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Influence of marital status on small intestinal adenocarcinoma survival: an analysis of the Surveillance, Epidemiology, and End Results (SEER) database

Authors Chen Z, Cui J, Dai W, Yang H, He Y, Song X

Received 16 June 2018

Accepted for publication 19 October 2018

Published 14 November 2018 Volume 2018:10 Pages 5667—5676


Checked for plagiarism Yes

Review by Single anonymous peer review

Peer reviewer comments 2

Editor who approved publication: Dr Rituraj Purohit

Zhihui Chen,1,* Ji Cui,1,* Weigang Dai,1,* Hong Yang,2 Yulong He,1 Xinming Song1

Department of Gastrointestinal Surgery Centre, The First Affiliated Hospital, Sun Yat-sen University, Guangzhou 510080, China; 2Department of Operating Room, The First Affiliated Hospital, Sun Yat-sen University, Guangzhou 510080, China

*These authors contributed equally to this work

Aim: No studies have been published on the relationship between marital status and outcomes in small intestinal cancers. The present study was conducted to explore the influence of marital status on small intestinal adenocarcinoma survival based on the Surveillance, Epidemiology, and End Results (SEER) database.
Methods: Data from eligible patients diagnosed with small intestinal adenocarcinoma between 2004 and 2015 were extracted from the SEER database. Patients were categorized into married group (including common law) and unmarried group (including single [never married], widowed, divorced, separated, and unmarried or domestic partner). The primary endpoints were 5-year overall survival (OS) and 5-year cancer-specific survival (CSS). A survival curve was generated by the Kaplan–Meier method, and the survival rate differences were estimated by a log-rank test. A multivariate Cox proportional hazard model was used to evaluate the independent risk factors for survival.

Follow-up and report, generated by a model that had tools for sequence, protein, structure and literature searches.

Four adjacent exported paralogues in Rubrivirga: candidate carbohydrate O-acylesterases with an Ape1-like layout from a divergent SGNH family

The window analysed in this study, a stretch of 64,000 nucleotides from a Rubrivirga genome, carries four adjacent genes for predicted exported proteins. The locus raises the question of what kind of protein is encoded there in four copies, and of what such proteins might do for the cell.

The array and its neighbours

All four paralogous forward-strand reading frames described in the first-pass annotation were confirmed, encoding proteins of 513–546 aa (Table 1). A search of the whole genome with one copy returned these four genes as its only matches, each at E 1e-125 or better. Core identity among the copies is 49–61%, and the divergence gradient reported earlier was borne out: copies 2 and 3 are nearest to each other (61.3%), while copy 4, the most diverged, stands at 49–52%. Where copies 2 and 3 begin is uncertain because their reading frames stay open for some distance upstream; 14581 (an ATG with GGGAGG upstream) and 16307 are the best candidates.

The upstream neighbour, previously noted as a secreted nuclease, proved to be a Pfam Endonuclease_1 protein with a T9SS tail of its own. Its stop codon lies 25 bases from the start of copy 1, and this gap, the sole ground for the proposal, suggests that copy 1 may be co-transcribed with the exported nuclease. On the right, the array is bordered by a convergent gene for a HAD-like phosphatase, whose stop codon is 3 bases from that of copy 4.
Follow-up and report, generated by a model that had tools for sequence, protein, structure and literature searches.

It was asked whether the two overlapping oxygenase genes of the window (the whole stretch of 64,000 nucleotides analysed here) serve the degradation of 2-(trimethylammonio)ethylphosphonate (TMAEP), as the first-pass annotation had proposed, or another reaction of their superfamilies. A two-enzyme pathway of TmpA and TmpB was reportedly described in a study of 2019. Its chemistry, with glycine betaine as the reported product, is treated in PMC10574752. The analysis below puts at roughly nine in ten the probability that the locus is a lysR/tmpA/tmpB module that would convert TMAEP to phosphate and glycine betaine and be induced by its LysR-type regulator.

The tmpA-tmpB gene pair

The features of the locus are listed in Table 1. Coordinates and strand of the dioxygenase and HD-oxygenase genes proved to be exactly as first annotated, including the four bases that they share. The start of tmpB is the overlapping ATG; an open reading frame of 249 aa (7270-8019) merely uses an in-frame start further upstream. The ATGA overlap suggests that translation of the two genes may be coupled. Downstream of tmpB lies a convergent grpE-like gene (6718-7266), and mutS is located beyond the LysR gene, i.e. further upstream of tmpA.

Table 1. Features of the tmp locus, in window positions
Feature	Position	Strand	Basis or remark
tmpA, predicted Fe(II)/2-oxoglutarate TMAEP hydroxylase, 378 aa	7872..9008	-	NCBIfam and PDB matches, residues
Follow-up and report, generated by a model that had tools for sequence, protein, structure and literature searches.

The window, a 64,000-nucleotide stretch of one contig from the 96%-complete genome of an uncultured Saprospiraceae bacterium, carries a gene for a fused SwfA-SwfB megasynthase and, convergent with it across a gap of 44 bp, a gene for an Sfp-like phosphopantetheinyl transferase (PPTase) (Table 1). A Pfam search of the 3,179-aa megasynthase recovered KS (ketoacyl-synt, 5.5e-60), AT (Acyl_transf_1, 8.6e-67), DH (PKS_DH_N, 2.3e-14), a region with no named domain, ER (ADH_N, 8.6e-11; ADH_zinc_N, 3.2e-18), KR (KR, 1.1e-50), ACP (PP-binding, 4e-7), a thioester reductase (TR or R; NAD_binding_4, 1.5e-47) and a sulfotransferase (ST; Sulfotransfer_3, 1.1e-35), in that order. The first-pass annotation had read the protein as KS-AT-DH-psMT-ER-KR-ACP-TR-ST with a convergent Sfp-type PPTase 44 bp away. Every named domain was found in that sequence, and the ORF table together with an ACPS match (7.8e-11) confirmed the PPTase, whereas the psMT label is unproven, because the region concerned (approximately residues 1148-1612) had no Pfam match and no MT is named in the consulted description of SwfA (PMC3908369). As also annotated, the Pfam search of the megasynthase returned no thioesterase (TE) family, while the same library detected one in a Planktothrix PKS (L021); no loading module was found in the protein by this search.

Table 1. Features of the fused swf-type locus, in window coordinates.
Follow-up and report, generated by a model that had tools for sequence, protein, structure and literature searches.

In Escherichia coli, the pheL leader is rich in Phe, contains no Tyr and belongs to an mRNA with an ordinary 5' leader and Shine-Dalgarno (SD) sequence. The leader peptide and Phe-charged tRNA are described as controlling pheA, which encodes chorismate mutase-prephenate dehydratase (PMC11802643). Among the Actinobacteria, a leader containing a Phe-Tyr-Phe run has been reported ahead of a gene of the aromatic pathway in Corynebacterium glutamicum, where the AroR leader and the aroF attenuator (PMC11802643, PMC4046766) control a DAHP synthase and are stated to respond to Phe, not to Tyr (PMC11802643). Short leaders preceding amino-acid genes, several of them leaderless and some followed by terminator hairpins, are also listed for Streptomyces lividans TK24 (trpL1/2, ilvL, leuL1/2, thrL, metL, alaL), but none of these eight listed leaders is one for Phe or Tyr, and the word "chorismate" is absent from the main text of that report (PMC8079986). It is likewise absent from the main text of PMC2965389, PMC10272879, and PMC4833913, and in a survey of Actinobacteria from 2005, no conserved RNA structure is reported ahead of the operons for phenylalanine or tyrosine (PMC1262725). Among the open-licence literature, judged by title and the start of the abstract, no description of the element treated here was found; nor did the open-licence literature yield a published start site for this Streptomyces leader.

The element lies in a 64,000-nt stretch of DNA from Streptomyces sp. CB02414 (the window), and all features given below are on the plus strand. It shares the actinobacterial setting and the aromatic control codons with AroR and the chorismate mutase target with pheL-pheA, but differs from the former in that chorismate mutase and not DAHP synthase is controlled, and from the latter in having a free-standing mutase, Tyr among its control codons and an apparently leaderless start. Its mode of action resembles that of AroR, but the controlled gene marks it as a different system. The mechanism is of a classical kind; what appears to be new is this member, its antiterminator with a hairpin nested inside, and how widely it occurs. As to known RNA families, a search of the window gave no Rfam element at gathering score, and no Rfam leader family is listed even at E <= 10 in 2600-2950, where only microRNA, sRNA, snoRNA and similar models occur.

Results: A total of 6,747 small intestinal adenocarcinoma patients were enrolled, including 3,862 married and 2,885 unmarried patients. The 5-year OS and 5-year CSS were significantly greater in married patients than in unmarried patients (27.1 vs 18.8% for OS and 45.7 vs 39.3% for CSS, both P<0.001). After adjusting for age, insurance status, tumor primary site, TNM stage, tumor grade, tumor histology, and surgery, the multivariate Cox proportional hazards model showed that marriage is an independent protective factor for OS (HR =0.789, 95% CI: 0.745–0.836, P<0.001) and CSS (HR =0.794, 95% CI: 0.736–0.857, P<0.001).
Conclusion: Married small intestinal adenocarcinoma patients have better OS and CSS than unmarried patients. Psychological and economic supports from the spouses of married patients may contribute to improvements in survival.

small bowel, adenocarcinomas, marriage, prognosis

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